The new Newt

Herman Cain is gone. His apparent peccadilloes seem to have left him unnominable (if that isn’t a word, perhaps it should be). Who stepped in to the leadership role to take his place? Newt Gingrich. 

I don’t need to comment on the irony of Newt replacing Herman Cain as front runner for the Republican nomination. Plenty of others have already risen to that challenge. Few, I might point out, have commented that Cain, at least, remained with his wife and will most likely continue to stay should she let him.
Newt abandoned his wife on her death bed for his little side bet. In fact, he left two wives. It feels funny to suggest that Cain may have been the more honorable adulterer, as though such a thing wlere possible. To put the situation in perspective, however, we need to remember that Cain’s infidelities are still only alleged. Newt made no bones about his.
So why has Newt been embraced by the religious right? Because Newt found Jesus. That’s right, he became a Catholic. Everything he did was okay because he saw the light.
I find this rationale doubly ironic since when I was a kid the religious right (who had yet to identify themselves as such) would have seen his being embraced by the Pope as certain proof that Newt was the antiChrist. The only thing more Satanic than Satan was the so-called Church of Rome. When ministers read the passage about the whore of Babylon in Revelations, they made it clear that passage should be translated as “the Catholic Church.”
<a name=”return1″>I don’t feel</a> like launching my Baptist Preacher’s Kid spiel, but I remember the only thing worse than marrying someone Black was to marry a Catholic. It wasn’t until my high school civics class that I learned most of the country meant bi-racial couples when they referred to “mixed marriage.”<sup><a href =”#note1”>1</a></sup>
I don’t think Newt’s being Catholic qualifies him as the antiChrist, nor does his embrace of Catholicism disqualify him as a Christian.  Nor does the religious right feel Catholicism disqualifies him anymore. We can thank abortion for that.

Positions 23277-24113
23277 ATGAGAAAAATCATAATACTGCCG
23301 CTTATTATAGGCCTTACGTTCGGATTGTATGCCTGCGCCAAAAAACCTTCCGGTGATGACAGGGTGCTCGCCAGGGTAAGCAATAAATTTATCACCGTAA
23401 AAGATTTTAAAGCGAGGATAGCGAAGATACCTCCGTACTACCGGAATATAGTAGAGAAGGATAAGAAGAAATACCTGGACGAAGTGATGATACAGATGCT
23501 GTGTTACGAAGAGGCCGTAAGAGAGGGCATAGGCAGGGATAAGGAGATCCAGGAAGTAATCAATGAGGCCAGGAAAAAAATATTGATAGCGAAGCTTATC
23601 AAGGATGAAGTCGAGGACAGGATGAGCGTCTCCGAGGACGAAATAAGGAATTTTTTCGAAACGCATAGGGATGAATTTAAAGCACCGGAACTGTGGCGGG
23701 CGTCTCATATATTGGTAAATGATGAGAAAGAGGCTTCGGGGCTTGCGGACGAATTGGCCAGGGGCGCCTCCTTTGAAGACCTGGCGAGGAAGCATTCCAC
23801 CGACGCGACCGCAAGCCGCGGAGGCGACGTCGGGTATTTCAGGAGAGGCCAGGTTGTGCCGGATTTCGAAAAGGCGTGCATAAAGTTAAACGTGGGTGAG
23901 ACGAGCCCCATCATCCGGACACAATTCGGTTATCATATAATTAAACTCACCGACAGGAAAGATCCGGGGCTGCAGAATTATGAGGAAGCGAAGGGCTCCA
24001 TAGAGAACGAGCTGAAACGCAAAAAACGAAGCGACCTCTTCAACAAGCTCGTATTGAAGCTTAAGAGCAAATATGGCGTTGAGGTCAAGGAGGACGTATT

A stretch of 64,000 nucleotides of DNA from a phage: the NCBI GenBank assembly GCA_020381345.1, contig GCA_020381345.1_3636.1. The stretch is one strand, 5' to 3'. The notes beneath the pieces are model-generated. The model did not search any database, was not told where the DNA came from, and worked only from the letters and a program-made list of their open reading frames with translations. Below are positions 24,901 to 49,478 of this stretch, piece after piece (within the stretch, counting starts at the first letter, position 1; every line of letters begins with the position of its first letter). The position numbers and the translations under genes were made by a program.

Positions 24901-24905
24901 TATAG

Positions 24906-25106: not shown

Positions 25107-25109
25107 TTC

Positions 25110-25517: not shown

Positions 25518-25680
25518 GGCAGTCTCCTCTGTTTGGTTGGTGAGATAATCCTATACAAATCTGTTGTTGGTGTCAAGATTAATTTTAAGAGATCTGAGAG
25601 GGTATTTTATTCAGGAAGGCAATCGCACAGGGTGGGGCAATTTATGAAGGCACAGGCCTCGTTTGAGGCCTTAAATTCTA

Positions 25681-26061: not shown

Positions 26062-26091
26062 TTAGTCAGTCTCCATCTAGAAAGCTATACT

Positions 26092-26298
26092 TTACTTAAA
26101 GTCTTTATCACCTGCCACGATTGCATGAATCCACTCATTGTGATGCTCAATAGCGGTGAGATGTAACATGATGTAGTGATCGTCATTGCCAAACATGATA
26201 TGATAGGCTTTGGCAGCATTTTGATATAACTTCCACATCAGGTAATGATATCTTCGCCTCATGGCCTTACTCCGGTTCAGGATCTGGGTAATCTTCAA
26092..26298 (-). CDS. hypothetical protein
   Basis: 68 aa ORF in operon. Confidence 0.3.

I remember a Christmas dinner when my father and uncle got into an argument over politics. Both were die-hard Republicans, but my Dad was sitting out the gubernatorial election out because he decided that choosing between Clayton Williams and Ann Richards was no different than choosing between Satan and the Pope.
My dad had also helped Catholic Charities with a fundraising campaign and his participation deeply disturbed my uncle. At some point he proclaimed that he would never help the Pope. In fact, he knew that whatever the Pope said Christians should do, Christians should do the opposite.
Later the argument turned to abortion rights. (If you get the feeling that family dinners were long and frequently indigestible, you wouldn’t be wrong. In fact, you probably weren’t raised Baptist.) My uncle made it clear he was adamantly opposed to abortion.
“So is the Pope,” my father reminded him.
I’m not saying that this one conversation finally ushered in the alliance of the evangelical right with the Catholic right, but at some point evangelicals realized babies trumped the Pope thing.
My problem with Newt is penitence. Or, rather, the lack of it. When someone embraces the faith, they are supposed to renounce their past and seek forgiveness. Newt not only doesn’t seem to be seeking forgiveness from God, he doesn’t seem to be seeking forgiveness from anyone.
It’s easy to write of the religious right, but they delivered two of the last three Republican presidents, the two Presidents who presided over the largest budget deficit increases in US history. 
Bush II’s support among evangelicals is easy to understand because his compassionate conservative stand was wrapped in the cloth of Christianity.
Reagan was more like Newt. Like Newt, Reagan ran against an evangelical Christian (Carter and Obama). Not only were both active in their churches, both refused to reduce their faith to their politics. Reagan, when asked if he was a Christian during one of the Presidential debates, answered that he believed in a “higher power” but didn’t attend church because he didn’t want to endanger churchgoers should someone try to assassinate him.
Romney won’t pass muster because he’s Mormon. Of the lot of current candidates, he seems to be more devoted to his faith than the rest, but, unfortunately, once the religious right embraced Catholicism, Mormonism had to take their place as the pretenders to the throne of heresy.
I think Americans, especially the religious right, need to admit that none of the current crop of candidates meets their litmus test. Perry should come the closest, but even his protests of Obama’s “war of faith” doesn’t seem to carry much weight with evangelical voters. Perhaps it was his decidedly unChristian decision to protect young girls from sexually transmitted diseases.
Perry’s and Romney’s soft support among evangelicals makes me think it’s time for the religious right to acknowledge that it’s not about faith at all. They intend to vote their politics, just as they always have.
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<h5><sup><a name=”note1″>1</a></sup>My civics teacher was a died in the wool socialist and my algebra teacher a died in the wool atheist. They would not be allowed to teach in today’s political climate.<a href =”#return1″>back</a></h5>
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